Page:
WASHINGTON (Reuters) - The suspect in an August shooting at a conservative Washington, D.C., lobbying group was charged with terrorism under a grand jury indictment on Wednesday.
A grand jury charged suspect Floyd Corkins II, 28, with seven District of Columbia offenses in the August 15 shooting at the Family Research Council, the U.S. Attorney's office said in a statement.
Corkins, of Herndon, Virginia, is the first person charged under a local 2002 anti-terrorism law, the statement said.
A former volunteer at a Washington gay and lesbian community center, Corkins is alleged to have shot a guard at the Family Research Council, which lobbies against same-sex marriage.
He told the guard, "I don't like your politics" before pulling a pistol from a backpack and opening fire, according to court documents.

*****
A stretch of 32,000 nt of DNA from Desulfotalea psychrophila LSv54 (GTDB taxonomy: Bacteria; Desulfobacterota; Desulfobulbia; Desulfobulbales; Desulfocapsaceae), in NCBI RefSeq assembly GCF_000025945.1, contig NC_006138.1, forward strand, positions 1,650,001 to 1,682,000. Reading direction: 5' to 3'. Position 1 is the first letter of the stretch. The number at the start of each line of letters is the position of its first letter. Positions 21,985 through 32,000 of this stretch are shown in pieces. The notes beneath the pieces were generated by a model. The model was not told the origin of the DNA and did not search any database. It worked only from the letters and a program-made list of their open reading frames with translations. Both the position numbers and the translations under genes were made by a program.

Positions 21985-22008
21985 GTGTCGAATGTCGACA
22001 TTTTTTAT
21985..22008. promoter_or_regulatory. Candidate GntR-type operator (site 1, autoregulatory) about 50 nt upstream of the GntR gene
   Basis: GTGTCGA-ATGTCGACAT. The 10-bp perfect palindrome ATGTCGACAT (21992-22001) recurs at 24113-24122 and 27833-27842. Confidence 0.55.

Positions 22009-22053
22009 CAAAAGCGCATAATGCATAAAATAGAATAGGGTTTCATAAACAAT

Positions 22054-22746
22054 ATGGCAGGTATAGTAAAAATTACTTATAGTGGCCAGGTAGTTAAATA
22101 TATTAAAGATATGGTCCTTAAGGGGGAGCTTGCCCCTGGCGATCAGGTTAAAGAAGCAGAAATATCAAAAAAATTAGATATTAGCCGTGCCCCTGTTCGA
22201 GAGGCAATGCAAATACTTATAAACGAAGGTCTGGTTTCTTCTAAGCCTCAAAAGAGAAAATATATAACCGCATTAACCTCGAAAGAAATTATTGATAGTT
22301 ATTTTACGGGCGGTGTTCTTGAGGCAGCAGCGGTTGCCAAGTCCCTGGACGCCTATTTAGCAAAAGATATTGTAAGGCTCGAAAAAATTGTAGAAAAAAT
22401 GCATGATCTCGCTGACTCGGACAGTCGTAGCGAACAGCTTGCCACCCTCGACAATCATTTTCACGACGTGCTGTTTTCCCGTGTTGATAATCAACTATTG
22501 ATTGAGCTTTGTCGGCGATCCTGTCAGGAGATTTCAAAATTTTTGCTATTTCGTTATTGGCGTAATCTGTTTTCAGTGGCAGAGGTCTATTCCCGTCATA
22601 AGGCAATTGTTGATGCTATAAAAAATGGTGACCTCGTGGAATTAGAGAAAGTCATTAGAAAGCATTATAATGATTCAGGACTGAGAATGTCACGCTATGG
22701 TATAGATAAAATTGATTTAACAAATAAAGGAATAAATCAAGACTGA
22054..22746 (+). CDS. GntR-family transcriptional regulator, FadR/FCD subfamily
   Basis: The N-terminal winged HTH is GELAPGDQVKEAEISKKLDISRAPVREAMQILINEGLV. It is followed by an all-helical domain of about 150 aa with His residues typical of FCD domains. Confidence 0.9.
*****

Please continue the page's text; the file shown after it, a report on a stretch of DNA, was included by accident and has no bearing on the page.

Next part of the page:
The new charges include committing an act of terrorism while armed, attempted murder while armed, aggravated assault while armed, and weapons charges.
The grand jury indictment incorporates Corkins' original federal charge of interstate transportation of a firearm and ammunition and District assault and firearm charges.
Corkins is scheduled to appear before U.S. District Judge Richard Roberts on Friday. He has been in custody since his arrest just after the shooting.
(Reporting by Ian Simpson; Editing by Vicki Allen)